Alfred Kazin: A Biography

Richard Cook
  • Review
By – March 5, 2012

Born in 1915 to poor immi­grant par­ents, Alfred Kazin grew up in the intense­ly Jew­ish Brownsville neigh­bor­hood of Brook­lyn. An inse­cure, lone­ly, and iso­lat­ed child who stut­tered until he began to pub­lish at age nine­teen, Kazin grad­u­at­ed from City Col­lege and Colum­bia, and four years lat­er pub­lished his first book, On Native Grounds, a his­to­ry of Amer­i­can lit­er­a­ture that received tremen­dous acclaim both because of its bril­liance and its author’s pre­coc­i­ty. Best known for his book A Walk­er in the City, an evoca­tive account of Kazin’s Brownsville youth, and a cen­tral text in Amer­i­can – Jew­ish writ­ing, in his per­son­al life Kazin was plagued by stormy inter­per­son­al rela­tion­ships and trou­bled mar­riages (three). In his lat­er years, he focused on his Jew­ish roots, result­ing in his book New York Jew.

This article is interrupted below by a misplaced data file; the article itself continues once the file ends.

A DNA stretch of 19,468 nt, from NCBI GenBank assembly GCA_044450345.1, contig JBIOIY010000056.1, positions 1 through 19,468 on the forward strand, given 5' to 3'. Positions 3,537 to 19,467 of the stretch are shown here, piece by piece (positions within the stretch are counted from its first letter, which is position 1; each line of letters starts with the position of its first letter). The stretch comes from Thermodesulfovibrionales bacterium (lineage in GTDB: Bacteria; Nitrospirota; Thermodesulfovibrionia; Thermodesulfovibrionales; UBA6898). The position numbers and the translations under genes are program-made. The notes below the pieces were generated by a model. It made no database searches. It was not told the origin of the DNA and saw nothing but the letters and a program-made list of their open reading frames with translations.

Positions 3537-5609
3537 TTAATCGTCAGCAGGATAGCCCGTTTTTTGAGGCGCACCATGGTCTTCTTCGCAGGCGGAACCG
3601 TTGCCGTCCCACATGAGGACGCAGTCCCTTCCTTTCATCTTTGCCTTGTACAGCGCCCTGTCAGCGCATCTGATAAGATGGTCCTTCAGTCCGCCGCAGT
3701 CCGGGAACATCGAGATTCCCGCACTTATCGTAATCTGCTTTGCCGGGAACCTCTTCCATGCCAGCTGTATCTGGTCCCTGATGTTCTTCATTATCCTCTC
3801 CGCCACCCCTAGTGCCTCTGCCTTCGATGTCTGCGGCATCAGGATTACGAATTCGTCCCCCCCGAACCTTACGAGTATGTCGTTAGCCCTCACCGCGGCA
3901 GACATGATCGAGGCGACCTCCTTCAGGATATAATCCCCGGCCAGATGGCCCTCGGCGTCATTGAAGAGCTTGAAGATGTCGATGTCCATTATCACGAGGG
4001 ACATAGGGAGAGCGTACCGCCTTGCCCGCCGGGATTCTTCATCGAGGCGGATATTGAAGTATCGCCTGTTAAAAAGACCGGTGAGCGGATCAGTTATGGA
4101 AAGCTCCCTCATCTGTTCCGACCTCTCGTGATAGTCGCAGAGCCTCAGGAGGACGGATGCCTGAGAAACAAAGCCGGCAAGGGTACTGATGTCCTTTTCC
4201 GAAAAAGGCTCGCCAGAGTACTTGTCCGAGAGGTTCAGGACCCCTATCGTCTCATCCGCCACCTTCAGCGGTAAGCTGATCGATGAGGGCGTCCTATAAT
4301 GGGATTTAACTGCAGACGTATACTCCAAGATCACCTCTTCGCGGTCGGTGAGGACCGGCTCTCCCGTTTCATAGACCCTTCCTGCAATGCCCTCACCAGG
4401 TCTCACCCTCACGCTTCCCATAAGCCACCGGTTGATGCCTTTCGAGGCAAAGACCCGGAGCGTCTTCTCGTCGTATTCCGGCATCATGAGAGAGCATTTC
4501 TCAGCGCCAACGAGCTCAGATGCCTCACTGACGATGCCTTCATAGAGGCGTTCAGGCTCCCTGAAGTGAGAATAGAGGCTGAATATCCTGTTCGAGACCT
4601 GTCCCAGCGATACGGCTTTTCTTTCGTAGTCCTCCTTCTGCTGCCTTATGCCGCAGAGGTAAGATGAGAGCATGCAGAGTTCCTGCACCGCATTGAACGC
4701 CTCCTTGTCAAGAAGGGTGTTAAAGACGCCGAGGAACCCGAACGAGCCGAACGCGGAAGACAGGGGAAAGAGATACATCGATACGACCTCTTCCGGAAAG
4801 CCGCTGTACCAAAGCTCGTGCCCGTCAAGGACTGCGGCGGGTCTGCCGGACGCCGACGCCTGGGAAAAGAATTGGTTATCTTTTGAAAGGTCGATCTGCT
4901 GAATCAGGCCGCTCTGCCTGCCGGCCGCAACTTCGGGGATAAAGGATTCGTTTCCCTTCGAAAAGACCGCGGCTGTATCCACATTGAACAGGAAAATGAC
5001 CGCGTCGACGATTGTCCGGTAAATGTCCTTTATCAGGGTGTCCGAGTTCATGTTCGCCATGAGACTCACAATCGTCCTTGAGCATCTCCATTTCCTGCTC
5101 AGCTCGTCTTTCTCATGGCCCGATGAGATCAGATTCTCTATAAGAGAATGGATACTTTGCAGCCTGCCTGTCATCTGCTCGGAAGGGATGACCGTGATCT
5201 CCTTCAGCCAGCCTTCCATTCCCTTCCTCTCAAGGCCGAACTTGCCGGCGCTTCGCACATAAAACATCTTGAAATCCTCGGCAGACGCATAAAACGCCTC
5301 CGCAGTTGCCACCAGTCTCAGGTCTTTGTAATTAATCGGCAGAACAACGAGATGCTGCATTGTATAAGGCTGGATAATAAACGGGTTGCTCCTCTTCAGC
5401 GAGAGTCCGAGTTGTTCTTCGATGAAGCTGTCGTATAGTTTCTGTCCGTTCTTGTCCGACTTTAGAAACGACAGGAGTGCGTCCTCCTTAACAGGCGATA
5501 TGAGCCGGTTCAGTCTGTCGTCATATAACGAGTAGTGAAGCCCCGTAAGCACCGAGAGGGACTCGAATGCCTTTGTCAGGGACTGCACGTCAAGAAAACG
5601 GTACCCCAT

Cook cov­ers Kazin’s inter­est­ing and com­pli­cat­ed life, includ­ing his writ­ing, teach­ing posts world-wide, and friend­ships with famous writ­ers and pub­lic fig­ures, in this well researched and live­ly book. Black and white pho­tos and an exten­sive index round out an engag­ing and use­ful account of the life of this influ­en­tial writer-crit­ic and one of the great Amer­i­can men of letters.

Bar­bara S. Cohen is a tri­al attor­ney in Los Ange­les who spe­cial­izes in child abuse cas­es. She is a mem­ber of NAMI and a sup­port­er of NARSAD, and is an advo­cate for those who suf­fer from men­tal illness.

Discussion Questions